Many of the readers of this blog probably already know this but for any who don't, David Zetland, of Aguanomics, recently released his first book - self-published no less - called "The End of Abundance: Economic Solutions to Water Scarcity." David's a very bright guy and I'm sure his book includes some outstanding insight into water allocation problems, including actual solutions, and the dry wit that he is known for. Should be an excellent read and I'm hoping to get a copy for myself before my vacation in August.
But for the moment I'm working through Jamie Workman's recent book, "Heart of Dryness," about the struggles of the Bushmen of the Kalahari Desert and how the indigenous wisdom of drought-adapted societies can help modern humanity cope with coming water shortages. I'm a few chapters in right now and it's a very compelling narrative Jamie presents. Of particular interest to me are the similarities I see between the Bushmen - their interactions with outsiders, struggles to maintain their traditional way of life, and the failure of those outsiders to learn important lessons from ancient cultures - and some of the traditional Native American cultures of the Southwest. I had the opportunity to meet Jamie in Tucson a few months back and really enjoyed talking about our mutual passion for changing existing paradigms in water management to deal with scarcity.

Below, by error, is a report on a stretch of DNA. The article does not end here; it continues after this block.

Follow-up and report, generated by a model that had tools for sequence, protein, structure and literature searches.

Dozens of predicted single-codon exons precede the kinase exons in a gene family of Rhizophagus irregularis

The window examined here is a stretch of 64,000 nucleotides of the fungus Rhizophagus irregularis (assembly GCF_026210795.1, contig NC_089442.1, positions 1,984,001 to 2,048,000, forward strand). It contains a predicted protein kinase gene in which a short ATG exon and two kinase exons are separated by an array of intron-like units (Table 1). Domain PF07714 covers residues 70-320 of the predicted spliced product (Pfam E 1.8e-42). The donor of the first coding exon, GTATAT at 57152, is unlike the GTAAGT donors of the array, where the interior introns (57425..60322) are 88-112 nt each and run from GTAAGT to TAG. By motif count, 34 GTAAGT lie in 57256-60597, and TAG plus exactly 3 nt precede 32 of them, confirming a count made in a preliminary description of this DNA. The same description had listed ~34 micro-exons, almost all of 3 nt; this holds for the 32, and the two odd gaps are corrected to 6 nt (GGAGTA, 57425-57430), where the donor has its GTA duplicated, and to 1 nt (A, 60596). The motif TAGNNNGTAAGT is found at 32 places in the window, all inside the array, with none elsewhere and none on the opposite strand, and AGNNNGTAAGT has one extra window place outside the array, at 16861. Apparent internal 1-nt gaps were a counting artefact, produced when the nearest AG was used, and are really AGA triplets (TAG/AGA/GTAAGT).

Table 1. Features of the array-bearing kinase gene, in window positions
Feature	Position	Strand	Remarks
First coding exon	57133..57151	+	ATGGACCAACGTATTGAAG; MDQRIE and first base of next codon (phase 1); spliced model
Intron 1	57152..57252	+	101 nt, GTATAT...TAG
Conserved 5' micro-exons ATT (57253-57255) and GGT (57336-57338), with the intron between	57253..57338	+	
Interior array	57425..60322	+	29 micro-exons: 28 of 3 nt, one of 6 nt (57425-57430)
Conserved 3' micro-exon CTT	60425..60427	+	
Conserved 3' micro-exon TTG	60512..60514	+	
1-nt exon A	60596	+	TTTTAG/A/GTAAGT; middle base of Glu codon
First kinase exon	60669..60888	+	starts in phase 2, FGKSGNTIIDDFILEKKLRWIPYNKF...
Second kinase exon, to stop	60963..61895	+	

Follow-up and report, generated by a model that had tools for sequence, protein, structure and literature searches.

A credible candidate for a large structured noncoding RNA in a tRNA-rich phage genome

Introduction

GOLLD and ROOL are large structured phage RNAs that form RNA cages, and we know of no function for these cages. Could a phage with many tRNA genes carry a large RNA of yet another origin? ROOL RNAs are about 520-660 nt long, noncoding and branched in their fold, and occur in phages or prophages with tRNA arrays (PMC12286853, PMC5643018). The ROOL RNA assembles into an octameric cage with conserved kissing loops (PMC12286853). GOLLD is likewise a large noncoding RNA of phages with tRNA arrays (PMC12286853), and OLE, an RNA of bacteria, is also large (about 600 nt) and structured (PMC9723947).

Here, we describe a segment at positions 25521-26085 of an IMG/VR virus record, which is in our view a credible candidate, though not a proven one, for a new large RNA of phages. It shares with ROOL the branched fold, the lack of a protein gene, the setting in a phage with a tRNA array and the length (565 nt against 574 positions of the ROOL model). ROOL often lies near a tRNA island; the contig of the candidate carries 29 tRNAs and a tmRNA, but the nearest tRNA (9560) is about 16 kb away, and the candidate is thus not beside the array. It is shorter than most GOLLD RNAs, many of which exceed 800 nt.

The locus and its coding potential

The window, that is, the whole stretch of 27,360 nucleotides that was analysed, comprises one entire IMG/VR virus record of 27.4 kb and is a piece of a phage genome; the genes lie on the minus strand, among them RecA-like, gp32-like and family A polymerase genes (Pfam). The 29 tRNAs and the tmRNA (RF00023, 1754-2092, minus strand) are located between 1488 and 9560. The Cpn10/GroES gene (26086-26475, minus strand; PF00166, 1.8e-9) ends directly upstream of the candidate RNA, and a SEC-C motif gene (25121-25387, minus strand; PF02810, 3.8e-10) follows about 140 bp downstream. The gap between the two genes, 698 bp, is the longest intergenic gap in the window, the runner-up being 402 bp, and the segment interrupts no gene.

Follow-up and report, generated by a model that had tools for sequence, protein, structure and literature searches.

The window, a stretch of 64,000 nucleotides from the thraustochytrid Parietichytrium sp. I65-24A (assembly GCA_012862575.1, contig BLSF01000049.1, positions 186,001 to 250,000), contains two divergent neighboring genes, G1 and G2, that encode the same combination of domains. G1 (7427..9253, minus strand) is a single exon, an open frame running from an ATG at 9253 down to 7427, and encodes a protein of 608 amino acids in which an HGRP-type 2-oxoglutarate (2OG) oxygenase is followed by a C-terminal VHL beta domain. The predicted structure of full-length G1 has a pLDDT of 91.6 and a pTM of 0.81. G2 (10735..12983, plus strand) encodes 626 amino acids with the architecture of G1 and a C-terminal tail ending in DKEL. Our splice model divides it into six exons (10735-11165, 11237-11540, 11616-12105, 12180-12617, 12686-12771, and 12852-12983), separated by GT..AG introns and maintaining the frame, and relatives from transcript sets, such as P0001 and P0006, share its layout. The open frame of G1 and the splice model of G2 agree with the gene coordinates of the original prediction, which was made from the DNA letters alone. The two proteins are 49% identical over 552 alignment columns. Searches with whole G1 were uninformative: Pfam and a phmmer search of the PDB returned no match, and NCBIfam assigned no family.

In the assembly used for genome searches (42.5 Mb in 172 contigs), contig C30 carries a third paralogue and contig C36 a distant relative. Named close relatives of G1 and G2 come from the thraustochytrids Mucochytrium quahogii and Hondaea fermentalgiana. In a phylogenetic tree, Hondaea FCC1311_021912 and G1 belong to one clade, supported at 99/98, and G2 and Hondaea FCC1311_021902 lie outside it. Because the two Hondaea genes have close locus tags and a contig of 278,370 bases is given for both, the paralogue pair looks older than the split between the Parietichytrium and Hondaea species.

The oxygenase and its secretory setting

A few things I'm hoping to compose some thoughts on in the near future:
- Response within the Arizona water management community to the CAP proposal for allocating new water supplies by a market-clearing auction. This was a novel and interesting proposal that was given a less-than-warm reception when released almost 9 months ago.
- The recent US Supreme Court opinion in Montana v. Wyoming that has important implications for the significance of return flows in interstate river compacts.
- The prospects for future Indian water rights settlements in Arizona - essentially, not especially good right now.